• by JoshuaZ (1134087) on Thursday November 10, 2011 @02:25PM (#38014604) Homepage
    I wouldn't be surprised if in 20 years we can use a quantum computer to factor a number greater than 100. But that only requires a handful of functioning qbits. It is unlikely that the technology will be that advanced. There are however non-factoring based cryptosystems that are not as of yet known to be vulnerable to quantum computing. Unfortunately, we're a long way from proving that. The claim that there exists an encryption system which is not breakable by a quantum computer is a claim which is much harder than P != NP (you are in fact making a claim that us substantially stronger than NP not being a subset of BQP which many people aren't even sure they believe). In fact, even the existence of encryption secure against classical computers requires believing claims which imply P != NP. Moreover, if one starts implementing other encryption systems that aren't as widely studied as things like RSA one opens up the danger that those encryption systems have their own flaws as well.Also, at a practical level, there's very likely not going to be someone who is going to be recording all your RSS sessions on the offchance that they can decrypt them thirty years down the line. But if you really care then use one variant of elliptic curve cryptography. http://en.wikipedia.org/wiki/Elliptic_curve_cryptography [wikipedia.org]. ECC systems are well-studied and have implementations. The people who study these sorts of things seem to think that ECC is one of the systems that is more likely to not be unable breakable by quantum systems.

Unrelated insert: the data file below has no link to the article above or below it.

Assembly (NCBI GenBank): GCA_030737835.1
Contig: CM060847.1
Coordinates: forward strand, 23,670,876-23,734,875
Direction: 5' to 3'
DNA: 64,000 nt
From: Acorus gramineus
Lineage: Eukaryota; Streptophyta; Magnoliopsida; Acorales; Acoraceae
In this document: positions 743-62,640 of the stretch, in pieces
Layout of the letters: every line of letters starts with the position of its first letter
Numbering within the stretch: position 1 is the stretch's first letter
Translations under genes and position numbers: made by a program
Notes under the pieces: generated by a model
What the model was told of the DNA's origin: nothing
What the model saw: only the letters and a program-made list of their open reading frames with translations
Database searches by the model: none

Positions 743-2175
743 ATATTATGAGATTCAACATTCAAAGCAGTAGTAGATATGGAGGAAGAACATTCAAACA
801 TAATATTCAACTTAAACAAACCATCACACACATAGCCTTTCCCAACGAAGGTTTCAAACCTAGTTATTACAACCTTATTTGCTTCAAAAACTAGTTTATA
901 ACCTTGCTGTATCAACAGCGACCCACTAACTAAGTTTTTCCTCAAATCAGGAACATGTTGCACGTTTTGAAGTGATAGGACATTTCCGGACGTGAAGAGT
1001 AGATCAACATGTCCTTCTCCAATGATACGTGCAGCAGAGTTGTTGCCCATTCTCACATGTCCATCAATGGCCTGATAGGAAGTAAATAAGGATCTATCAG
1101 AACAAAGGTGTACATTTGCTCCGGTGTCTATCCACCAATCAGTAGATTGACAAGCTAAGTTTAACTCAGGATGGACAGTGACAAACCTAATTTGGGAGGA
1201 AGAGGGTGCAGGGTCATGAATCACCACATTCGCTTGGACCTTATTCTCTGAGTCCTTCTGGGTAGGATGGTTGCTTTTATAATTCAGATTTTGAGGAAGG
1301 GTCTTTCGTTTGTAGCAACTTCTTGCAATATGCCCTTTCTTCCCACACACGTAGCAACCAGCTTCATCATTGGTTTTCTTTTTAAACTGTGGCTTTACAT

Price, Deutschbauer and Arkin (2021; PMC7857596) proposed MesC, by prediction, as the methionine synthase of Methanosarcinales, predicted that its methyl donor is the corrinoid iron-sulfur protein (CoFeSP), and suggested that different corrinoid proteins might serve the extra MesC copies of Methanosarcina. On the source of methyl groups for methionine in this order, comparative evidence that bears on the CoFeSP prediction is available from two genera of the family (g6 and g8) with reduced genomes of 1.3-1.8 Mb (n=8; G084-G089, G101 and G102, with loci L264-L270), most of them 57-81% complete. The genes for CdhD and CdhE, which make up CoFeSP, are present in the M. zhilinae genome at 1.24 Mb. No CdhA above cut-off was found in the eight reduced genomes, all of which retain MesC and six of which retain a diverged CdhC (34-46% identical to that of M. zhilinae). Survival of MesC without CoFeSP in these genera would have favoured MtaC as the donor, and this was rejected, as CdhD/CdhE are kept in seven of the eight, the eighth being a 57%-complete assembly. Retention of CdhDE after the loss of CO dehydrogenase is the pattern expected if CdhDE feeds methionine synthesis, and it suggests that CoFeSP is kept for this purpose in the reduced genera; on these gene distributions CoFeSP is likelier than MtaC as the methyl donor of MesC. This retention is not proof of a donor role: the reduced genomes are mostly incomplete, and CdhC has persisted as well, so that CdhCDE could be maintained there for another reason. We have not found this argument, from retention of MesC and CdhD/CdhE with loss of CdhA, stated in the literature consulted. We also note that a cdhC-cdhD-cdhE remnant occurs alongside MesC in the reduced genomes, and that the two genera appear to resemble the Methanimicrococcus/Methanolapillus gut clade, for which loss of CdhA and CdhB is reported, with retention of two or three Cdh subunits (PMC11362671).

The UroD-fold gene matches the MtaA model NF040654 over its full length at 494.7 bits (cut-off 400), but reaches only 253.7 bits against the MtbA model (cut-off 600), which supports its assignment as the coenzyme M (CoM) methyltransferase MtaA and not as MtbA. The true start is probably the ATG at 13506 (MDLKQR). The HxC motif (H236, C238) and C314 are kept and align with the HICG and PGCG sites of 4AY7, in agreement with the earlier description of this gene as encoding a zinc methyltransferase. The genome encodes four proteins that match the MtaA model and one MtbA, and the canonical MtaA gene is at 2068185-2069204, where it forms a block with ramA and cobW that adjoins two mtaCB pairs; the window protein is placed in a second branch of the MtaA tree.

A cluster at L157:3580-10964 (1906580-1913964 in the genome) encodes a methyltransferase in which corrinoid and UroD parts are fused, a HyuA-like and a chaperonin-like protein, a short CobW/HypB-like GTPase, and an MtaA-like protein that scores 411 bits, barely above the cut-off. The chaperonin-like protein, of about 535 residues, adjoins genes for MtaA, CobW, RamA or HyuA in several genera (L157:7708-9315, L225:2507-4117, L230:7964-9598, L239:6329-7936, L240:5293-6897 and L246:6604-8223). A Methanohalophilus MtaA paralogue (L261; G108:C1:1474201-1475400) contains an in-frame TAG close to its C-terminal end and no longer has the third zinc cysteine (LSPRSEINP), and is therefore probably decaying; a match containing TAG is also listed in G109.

• by slaad (589282) on Thursday November 10, 2011 @02:57PM (#38014954)

    I'd estimate that there's a 10% chance RSA will be useless within 20 years. Whatever the odds, some of the data we send over ssh and ssl today should remain private for a century, and we simply can't guarantee secrecy anymore using the algorithms with which we have become complacent.